Abstract: Along the East African coast, marine top predators are facing an increasing number of anthropogenic threats which requires the implementation of effective and urgent conservation measures to protect essential habitats. Understanding the role that habitat features play on the marine top predator’ distribution and abundance is a crucial step to evaluate the suitability of an existing Marine Protected Area (MPA), originally designated for the protection of coral reefs. We developed species distribution models (SDM) on the IUCN data deficient Indo-Pacific bottlenose dolphin (Tursiops aduncus) in southern Kenya. We followed a comprehensive ecological modelling approach to study the environmental factors influencing the occurrence and abundance of dolphins while developing SDMs. Through the combination of ensemble prediction maps, we defined recurrent, occasional and unfavourable habitats for the species. Our results showed the influence of dynamic and static predictors on the dolphins’ spatial ecology: dolphins may select shallow areas (5-30 m), close to the reefs (< 500 m) and oceanic fronts (< 10 km) and adjacent to the 100m isobath (< 5 km).We also predicted a significantly higher occurrence and abundance of dolphins within the MPA. Recurrent and occasional habitats were identified on large percentages on the existing MPA (47% and 57% using presence-absence and abundance models respectively). However, the MPA does not adequately encompass all occasional and recurrent areas and within this context, we propose to extend the MPA to incorporate all of them which are likely key habitats for the highly mobile species. The results from this study provide two key conservation and management tools: (i) an integrative habitat modelling approach to predict key marine habitats, and (ii) the first study evaluating the effectiveness of an existing MPA for marine mammals in the Western Indian Ocean.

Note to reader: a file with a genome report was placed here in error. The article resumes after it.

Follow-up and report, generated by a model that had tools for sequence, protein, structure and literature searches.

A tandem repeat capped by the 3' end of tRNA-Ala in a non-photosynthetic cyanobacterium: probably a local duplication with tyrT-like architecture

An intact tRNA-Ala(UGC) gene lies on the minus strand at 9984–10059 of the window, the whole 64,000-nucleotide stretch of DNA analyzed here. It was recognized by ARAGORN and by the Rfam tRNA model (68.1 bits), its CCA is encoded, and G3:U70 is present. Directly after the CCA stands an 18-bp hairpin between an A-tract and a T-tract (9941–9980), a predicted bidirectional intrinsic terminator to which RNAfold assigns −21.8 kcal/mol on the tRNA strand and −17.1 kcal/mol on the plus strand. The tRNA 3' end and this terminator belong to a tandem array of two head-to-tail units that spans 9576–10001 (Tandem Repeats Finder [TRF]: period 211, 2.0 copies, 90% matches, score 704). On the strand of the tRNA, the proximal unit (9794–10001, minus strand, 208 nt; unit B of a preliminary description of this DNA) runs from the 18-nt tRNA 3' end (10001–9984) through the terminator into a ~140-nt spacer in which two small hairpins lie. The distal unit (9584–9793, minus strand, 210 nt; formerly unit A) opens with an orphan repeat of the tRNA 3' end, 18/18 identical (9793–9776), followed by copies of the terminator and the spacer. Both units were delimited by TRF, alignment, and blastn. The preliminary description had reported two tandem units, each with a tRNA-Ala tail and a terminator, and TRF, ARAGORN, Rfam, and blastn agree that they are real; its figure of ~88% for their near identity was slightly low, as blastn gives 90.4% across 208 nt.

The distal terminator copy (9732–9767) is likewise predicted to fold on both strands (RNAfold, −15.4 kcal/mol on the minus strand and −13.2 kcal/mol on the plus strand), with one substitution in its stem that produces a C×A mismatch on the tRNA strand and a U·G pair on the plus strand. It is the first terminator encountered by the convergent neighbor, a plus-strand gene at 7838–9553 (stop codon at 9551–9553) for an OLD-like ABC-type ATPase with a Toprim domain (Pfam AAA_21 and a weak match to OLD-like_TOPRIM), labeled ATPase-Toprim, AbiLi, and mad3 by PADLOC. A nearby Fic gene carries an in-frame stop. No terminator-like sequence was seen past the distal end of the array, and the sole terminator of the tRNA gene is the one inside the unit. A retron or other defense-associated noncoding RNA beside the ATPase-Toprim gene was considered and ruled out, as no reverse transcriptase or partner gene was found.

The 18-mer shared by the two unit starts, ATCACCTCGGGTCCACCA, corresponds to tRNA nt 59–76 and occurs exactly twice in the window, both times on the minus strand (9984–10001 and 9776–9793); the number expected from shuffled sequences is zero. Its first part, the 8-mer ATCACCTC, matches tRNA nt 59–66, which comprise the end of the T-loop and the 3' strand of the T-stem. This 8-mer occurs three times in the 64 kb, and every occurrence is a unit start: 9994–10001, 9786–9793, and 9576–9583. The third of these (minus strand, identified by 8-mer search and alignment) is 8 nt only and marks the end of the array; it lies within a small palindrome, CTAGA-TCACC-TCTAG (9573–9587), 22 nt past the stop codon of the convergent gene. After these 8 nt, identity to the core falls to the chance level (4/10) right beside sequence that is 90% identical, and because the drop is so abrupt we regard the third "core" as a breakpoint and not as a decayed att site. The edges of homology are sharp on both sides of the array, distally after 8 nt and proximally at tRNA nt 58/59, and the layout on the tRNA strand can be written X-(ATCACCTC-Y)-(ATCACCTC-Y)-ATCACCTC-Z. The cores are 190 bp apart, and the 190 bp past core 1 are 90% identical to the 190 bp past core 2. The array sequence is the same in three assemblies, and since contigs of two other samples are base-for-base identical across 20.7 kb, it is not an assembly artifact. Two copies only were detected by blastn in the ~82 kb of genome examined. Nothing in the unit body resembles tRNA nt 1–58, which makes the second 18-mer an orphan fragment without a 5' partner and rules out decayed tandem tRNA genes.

Abstract: Several studies of marine top predators, above all of seabirds, have
analyzed the effects of either individual age or environmental
fluctuations on reproduction; nevertheless, little is known about the
age patterns in breeding performance in a variable environment.
Photo: Pedro Trejo (c)
investigate the simultaneous influence of age and environmental
conditions on laying dates and egg volumes, we tested different climate
and food availability indices in a transequatorial migratory seabird
using female data from a 23-year study. Our results show an improvement
in breeding parameters with age (i.e., earlier laying dates and greater
egg volumes) but no pattern of senescence in older age groups. The best
models showed an interaction of time and age in breeding performance,
i.e., the age pattern of breeding performance changed each year likely
as a result of environmental variability.
Nevertheless, climatic indexes
used here explained part of that annual variability: NAO and SOI index
accounted for 24 and 20% of deviances in laying dates and egg volume,
respectively. Part of that unexplained variability might be related to
other processes such as intermittent breeding and the individual quality
of breeders, which were not assessed in our study.